Fiesta! is devoted to Latino concert music and presents artistically significant compositions from Latin America, Spain and Portugal to listeners. The creative force behind this series is Elbio Barilari, an acclaimed composer, musician, performer and professor at the University of Illinois at Chicago. The Uruguayan-born Barilari says, "Fiesta! features the hottest Latin-American music from the 16th to the 21st centuries."
Viva la Zarzuela!: The first half of the 20th century saw the incredible popularity of an exclusively Spanish genre: the zarzuela. It can be defined, superficially, as light opera without being "operettas." Zarzuela constitutes a delicate balance between Spanish folk music, costume dramas and an operatic style completely developed in Spain. This program of Fiesta! features brilliant moments of the zarzuela repertoire, such as Luis Fernanda, Doña Francisquita, La rosa del azafrán and, of course, La verbena de la Paloma.
Visions of the Vanquished: The Vision of the Vanquished, a book by Mexican historian Miguel León Portilla was very instrumental in changing the view that Latin Americans had about the clash of cultures and the cultural genocide that took place in the continent. The Native-American experience in Latin America has been reflected abundantly and in many different, even conflicting, ways by our composers.
The Music of José Pablo Moncayo: The author of the very popular Huapango, considered as the second Mexican anthem, composed several symphonic, chamber pieces of great importance. Fiesta! pays tribute to this giant of the 20th century Latin America.
Soprano and Composer Veronica Loiacono: Born in Argentina and based in New York, Veronica Loiacono is a soprano of amazing versatility who feels at home in the opera repertoire as well as in the tangos or boleros. She is also a member of a fascinating collective from Buenos Aires, her hometown: a team of four composers that have written songs, concerti, a symphony and even an opera.
Music from the Basque Country: Euzkadi, also known as the Basque country, represents one of the several ways of being a Spaniard, or is it something else? It depends on whom you ask. The Euzkera (or Basque) people have their own language and a longstanding cultural tradition, including music. This program presents historical Basque composers featuring Juan Crisóstomo Arriaga, Jesús Guridi and more.
Anthem Anecdotes - Music to Listen to Standing Up: The anthems of most of the Latin American countries were composed in the 19th century under the influence of both recent war and Italian opera. There are many interesting stories about how some of them came to existence.
Sonatas from this Side of the Atlantic: The sonata is a musical term in use for almost four centuries. Latin American composers have also cultivated this venerable form. Fiesta features an extravaganza of Latino sonatas.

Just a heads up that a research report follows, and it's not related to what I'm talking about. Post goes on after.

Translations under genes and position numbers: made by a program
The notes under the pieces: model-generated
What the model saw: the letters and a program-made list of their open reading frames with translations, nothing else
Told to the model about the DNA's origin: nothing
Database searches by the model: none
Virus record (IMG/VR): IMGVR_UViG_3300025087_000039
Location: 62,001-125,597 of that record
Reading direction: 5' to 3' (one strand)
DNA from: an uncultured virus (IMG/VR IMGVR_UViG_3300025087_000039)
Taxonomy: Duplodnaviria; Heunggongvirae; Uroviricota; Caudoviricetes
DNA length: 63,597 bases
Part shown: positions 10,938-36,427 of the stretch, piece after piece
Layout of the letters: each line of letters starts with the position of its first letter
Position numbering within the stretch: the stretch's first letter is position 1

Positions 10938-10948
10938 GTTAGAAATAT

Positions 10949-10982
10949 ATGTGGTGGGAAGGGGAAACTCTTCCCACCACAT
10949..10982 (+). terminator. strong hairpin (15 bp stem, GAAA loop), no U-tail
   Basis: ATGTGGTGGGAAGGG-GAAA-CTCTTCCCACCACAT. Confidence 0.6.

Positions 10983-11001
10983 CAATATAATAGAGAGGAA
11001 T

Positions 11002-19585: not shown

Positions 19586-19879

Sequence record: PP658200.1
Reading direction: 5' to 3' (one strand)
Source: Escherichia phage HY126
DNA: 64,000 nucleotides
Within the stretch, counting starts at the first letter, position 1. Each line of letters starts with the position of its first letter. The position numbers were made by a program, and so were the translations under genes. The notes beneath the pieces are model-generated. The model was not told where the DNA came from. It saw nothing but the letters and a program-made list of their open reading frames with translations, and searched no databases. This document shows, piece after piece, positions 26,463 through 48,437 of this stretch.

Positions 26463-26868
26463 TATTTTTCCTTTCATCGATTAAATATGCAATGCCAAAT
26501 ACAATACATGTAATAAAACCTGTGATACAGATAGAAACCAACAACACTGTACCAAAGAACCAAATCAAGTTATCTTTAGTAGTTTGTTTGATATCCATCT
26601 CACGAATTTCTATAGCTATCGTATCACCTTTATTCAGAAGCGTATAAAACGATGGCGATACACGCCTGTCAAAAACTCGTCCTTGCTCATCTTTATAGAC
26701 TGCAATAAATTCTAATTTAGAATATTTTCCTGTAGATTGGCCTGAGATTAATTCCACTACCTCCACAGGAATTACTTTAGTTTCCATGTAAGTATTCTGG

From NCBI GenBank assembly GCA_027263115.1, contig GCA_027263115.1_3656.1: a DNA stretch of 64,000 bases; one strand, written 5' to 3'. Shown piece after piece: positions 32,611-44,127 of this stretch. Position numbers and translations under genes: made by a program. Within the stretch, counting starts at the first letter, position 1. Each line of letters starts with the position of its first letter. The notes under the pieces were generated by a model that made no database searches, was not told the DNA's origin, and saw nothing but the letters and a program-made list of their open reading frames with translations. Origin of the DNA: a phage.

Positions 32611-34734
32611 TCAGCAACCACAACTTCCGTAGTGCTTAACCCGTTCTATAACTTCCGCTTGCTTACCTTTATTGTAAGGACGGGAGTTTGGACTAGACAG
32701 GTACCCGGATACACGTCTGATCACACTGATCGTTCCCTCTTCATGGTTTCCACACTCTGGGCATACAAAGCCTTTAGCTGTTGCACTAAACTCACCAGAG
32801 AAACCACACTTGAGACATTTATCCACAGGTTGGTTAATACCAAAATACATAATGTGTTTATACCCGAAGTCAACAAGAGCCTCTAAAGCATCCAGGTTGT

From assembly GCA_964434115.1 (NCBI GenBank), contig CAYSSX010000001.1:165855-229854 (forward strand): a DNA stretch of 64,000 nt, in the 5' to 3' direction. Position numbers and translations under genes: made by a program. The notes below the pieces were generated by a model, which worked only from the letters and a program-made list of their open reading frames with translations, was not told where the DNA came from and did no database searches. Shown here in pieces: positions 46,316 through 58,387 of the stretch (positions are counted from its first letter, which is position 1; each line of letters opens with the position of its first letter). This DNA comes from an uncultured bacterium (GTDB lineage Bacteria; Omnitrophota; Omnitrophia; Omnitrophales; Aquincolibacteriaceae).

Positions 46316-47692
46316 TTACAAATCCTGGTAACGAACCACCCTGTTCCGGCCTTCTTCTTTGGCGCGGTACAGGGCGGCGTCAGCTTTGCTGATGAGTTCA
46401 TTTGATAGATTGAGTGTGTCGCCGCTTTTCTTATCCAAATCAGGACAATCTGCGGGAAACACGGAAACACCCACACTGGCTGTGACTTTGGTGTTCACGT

Early Music from Spain and the New Spain: The Newberry Consort has been focusing on early music from Spain and New Spain (as Mexico was known when it was a part of the Spanish empire). The recordings featured in this program underscore the continuity of Colonial music as a part of the tradition of western music, including some pieces that were performed for the first time in 300 years.
More New-New Music: During the last century a huge number of Western composers took a direction that divorced them from their potential audiences and entrenched them in university jobs on both sides of the Atlantic. Well-sheltered in their academic cocoons of so-called "avant-garde," "experimental," "contemporary," or "new" music these composers carefully shepherded successive generations in strict observance of this tradition, over a hundred years old by now. Around the 1980s however, some composers, most of them in the west side of the Atlantic, started to challenge and defy the dry orthodoxy of "contemporary music." By the first decade of the 21st century, these mavericks have, finally, opened the windows to a new breeze of music that it is not afraid of beauty, or of its links with the traditions of western music and other world traditions, and does not reject experiments either, especially successful ones. This is called New-New Music.
An Imaginary concert: Let's pretend that you go to your local orchestra hall and instead of the usual concert menu, you get to listen to a nineteeth-century overture by Brazilian composer José Mauricio Nunes Garcia, a concerto for four guitars and orchestra by Spanish composer Moreno Torroba featuring the Romero family, a symphonic percussion piece by Cuban composer Amadeo Roldán, and a symphony by Mexican composer Candelario Huízar inspired on the Aztec culture. Take your seat and enjoy!